With the help of headers, your website could send some useful information to the browser. Let’s see how it is possible to add more protection to your website. To add a header for each request, we can use middleware.
Browser security prevents a web page from making requests to a different domain than the one that served the web page. This restriction is called the same-origin policy. The same-origin policy prevents a malicious site from reading sensitive data from another site. Sometimes, you might want to allow other sites to make cross-origin requests to your app.
AspNetCoreRateLimit is an ASP.NET Core rate limiting solution designed to control the rate of requests that clients can make to a Web API or MVC app based on IP address or client ID. The AspNetCoreRateLimit package contains an IpRateLimitMiddleware and a ClientRateLimitMiddleware, with each middleware you can set multiple limits for different scenarios like allowing an IP or Client to make a maximum number of calls in a time interval like per second, 15 minutes, etc. You can define these limits to address all requests made to an API or you can scope the limits to each API URL or HTTP verb and path.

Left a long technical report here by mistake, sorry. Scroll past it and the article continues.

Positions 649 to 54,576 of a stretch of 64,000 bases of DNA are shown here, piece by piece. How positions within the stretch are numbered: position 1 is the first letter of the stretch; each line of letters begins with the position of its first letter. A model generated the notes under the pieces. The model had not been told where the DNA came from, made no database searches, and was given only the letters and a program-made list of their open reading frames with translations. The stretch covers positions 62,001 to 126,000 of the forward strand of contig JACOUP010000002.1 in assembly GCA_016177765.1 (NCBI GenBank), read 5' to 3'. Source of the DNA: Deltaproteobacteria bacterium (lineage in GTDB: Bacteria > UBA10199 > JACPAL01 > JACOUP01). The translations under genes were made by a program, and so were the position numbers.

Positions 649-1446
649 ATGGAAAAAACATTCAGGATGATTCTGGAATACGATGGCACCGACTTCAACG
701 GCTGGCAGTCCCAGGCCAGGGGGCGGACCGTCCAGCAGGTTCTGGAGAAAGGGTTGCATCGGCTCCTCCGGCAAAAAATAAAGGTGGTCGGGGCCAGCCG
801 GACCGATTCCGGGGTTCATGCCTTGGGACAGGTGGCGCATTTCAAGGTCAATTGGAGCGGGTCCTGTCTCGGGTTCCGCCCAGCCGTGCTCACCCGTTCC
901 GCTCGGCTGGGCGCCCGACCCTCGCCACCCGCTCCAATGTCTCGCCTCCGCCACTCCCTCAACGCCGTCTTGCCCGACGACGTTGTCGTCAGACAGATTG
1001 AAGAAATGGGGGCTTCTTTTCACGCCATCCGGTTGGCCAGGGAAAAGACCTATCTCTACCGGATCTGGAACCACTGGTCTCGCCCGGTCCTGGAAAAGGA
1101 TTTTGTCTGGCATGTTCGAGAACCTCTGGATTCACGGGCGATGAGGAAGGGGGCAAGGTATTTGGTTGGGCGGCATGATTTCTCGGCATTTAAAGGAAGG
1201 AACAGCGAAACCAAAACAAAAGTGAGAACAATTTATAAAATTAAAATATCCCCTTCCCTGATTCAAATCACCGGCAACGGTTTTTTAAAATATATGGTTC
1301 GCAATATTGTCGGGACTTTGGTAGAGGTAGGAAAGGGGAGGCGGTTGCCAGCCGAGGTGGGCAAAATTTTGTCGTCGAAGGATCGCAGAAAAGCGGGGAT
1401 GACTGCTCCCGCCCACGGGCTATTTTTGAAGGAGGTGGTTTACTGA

When consuming a web API, understanding its various methods can be challenging for a developer. Swagger, also known as OpenAPI, solves the problem of generating useful documentation and help pages for web APIs. It provides benefits such as interactive documentation, client SDK generation, and API discoverability.
ASP.NET Core gives provides the ability to write middleware, which is logic inserted into the pipeline that the framework runs for every request that is received by the application. ASP.NET Core ships with core middleware components that enable things like rendering MVC pages, defining endpoint routes, and adding authentication support, and these things are configured in the application’s Startup class, where you can also add your own custom middleware components. This ability to easily configure and customize how ASP.NET Core processes requests is tremendously useful and powerful. We will be creating exception-handling middleware to catch and handle any exceptions that are thrown during the execution of a request to our service.
In ASP.NET Core, background tasks can be implemented as hosted services. A hosted service is a class with background task logic that implements the IHostedService interface. This topic provides three hosted service examples: Background task that runs on a timer. Hosted service that activates a scoped service. The scoped service can use dependency injection (DI). Queued background tasks that run sequentially.